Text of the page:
Archive for January, 2012
We are now in Hampton, Va, having arrived in a gale about seven yesterday evening. On the way we got smacked around by some muscular waves in the five to six foot range, and got hit with lots of hail and rain so being in the cockpit was not pleasant. Since a rigger inspected our rigging in Pasadena, Maryland and said some of it was coming apart, we didn’t put up any sail. Without sail up to stabilize the boat things were a little rocky. Well, maybe more than just a little. The Chesapeake is shallow so there’s lots of wave action in a gale. I think the rigger was not quite honest, he seemed a little shady, but I didn’t want to take the chance. Anyway, most everything in the boat got rearranged during the voyage. And we found a few leaks.
We left Yorktown where we’d spent two night on a mooring ball because the guy who rented us the mooring ball for $25 a night was not quite sure if we’d be safe there in the gale that was coming, so we left. Hubris, right? Thinking we can take it, the boat can take it, and heck it was only about 50 miles. It was not an easy time. We had a little trouble finding the narrow channels, and sometimes we found less than 9 feet under the keel, but we never touched mud. Liza, it turns out, is a born navigator. It was only as we got toward Norfolk and Hampton that she seemed to get a little frustrated, there are so many channels and markers and so many big ships, it’s like you’re caught in a video game. We found this great little marina here in Hampton on the internet that charges a $62 a night but if you stay for two nights you get another night free, which makes it a bargain. And the folks here are really kind and helpful, they even offered to loan us a car to go to the store. But we took a bus.
-When we got in we discovered that we had no 12 volt. Gads, I couldn’t figure out why. So I called an electrician and for only $65 he looked over our system and pointed out that the four new deep cycle batteries the previous owner had installed were not hooked up to the $650 West Marine battery charger he had installed, nor was it hooked up to the alternator on the engine, so for a month we’ve been using up the charge that must have come from the store. It did seem odd that putting on the charger didn’t seem to do much.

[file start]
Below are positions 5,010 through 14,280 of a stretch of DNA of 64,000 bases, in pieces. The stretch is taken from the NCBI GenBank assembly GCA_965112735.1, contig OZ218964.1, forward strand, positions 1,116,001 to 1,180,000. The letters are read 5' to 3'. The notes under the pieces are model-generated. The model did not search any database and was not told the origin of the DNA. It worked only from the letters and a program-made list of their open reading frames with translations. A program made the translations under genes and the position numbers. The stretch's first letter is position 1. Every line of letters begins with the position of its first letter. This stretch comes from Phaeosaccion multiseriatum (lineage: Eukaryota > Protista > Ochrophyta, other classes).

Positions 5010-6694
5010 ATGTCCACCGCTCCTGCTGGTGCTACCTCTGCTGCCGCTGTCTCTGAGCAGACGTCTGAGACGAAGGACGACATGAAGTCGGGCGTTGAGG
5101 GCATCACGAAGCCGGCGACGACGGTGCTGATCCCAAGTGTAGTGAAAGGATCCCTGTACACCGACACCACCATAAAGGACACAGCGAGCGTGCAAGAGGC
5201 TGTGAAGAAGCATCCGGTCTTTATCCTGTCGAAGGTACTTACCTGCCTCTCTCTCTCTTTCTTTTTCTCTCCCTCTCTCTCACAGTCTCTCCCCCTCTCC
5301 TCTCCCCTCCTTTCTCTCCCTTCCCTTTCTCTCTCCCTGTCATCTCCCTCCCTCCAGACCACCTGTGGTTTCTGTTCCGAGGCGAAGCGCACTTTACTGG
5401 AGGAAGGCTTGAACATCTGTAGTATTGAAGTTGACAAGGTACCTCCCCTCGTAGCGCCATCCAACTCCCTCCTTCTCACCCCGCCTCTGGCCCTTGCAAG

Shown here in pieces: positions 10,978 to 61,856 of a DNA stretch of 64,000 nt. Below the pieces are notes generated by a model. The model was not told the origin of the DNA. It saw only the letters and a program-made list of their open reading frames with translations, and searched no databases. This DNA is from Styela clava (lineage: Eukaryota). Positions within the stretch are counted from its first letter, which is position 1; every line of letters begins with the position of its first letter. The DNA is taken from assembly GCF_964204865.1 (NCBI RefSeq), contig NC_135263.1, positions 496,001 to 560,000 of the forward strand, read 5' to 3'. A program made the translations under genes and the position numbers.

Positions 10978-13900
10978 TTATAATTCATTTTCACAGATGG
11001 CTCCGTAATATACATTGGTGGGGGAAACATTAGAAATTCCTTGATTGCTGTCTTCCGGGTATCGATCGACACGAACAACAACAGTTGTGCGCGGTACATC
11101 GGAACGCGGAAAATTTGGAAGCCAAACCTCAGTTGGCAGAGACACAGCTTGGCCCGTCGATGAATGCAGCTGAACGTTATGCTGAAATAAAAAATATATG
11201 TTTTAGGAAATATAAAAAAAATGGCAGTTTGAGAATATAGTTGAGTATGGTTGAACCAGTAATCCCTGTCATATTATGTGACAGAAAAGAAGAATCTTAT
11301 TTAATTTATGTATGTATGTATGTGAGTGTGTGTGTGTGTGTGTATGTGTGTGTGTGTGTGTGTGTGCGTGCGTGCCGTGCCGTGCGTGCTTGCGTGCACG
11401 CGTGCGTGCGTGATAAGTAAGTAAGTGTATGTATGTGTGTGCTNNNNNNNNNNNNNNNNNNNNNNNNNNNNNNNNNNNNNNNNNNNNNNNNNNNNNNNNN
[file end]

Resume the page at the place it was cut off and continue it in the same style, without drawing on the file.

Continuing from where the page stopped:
Yorktown was a great place, being the site of the last Revolutionary War Battle The Brits took a beating at sea from the French, and that’s what won it. One problem with Yorktown as a cruising destination. No groceries for sale anywhere. Liza has to have fresh fruit every day or she gets grumpy. But in Yorktown, if you want to eat something, you have to bring it with you or go to a restaurant. The Seven-Eleven is seven miles away. We went to town in our inflatable dingy and got plenty wet in the chop on the way back. Two things we’ve found out so far, we need a bigger dinghy and Liza needs foul weather gear.
More to follow. Next, we head south through the Dismal Swamp with canals and locks and lots of snakes.
All the best,
New Year’s day and the temperature still felt like late summer, everyone wearing shorts and T shirts. The air just cool enough so that sweat would not roll off our bodies on a hike. So Kitty and I headed to Wakodahatchee to stroll around the wetlands on the raised wooden boardwalk.
I expected to see only a few people observing the wildlife. Surprise, surprise. The crowds had discovered this area of beauty. Everyone had cameras, a few with honkin’ long lenses. I had thought about taking my 800mm lens, but decided against it to photograph animals close to the walkway. A long lens is nice for the shy birds out in the distance, but so many egrets, herons, and ducks like to stay close to the viewing area that a 200mm lens will usually suffice.
Even though many people chose to visit this site today, the noise level was almost on mute. No running, shouting, or tossing items at the creatures occurred. Different photographers compared notes with one another, describing where to set-up for an excellent photo op. And from time to time, the out-of-towner wanting to know “are there any alligators around?” So, yes, I would lead them to a place for them to see their first gator.
Wakodahatchee is a Seminole Indian word roughly meaning “created waters”. And that is what this place is all about. This is a working example of waste water being cleaned by natural vegetation. Fifty acres of wetlands are home to 140 species of turtles, frogs, alligators, and birds. Truly a birder’s paradise.
The boardwalk is less than a mile in length, but can easily take an hour or two to complete the loop. Just so much to see. At times, Kitty and I like to stop and listen to the sounds of the moor hens, mottled ducks, limpkins, and the sounds coming from the rookeries.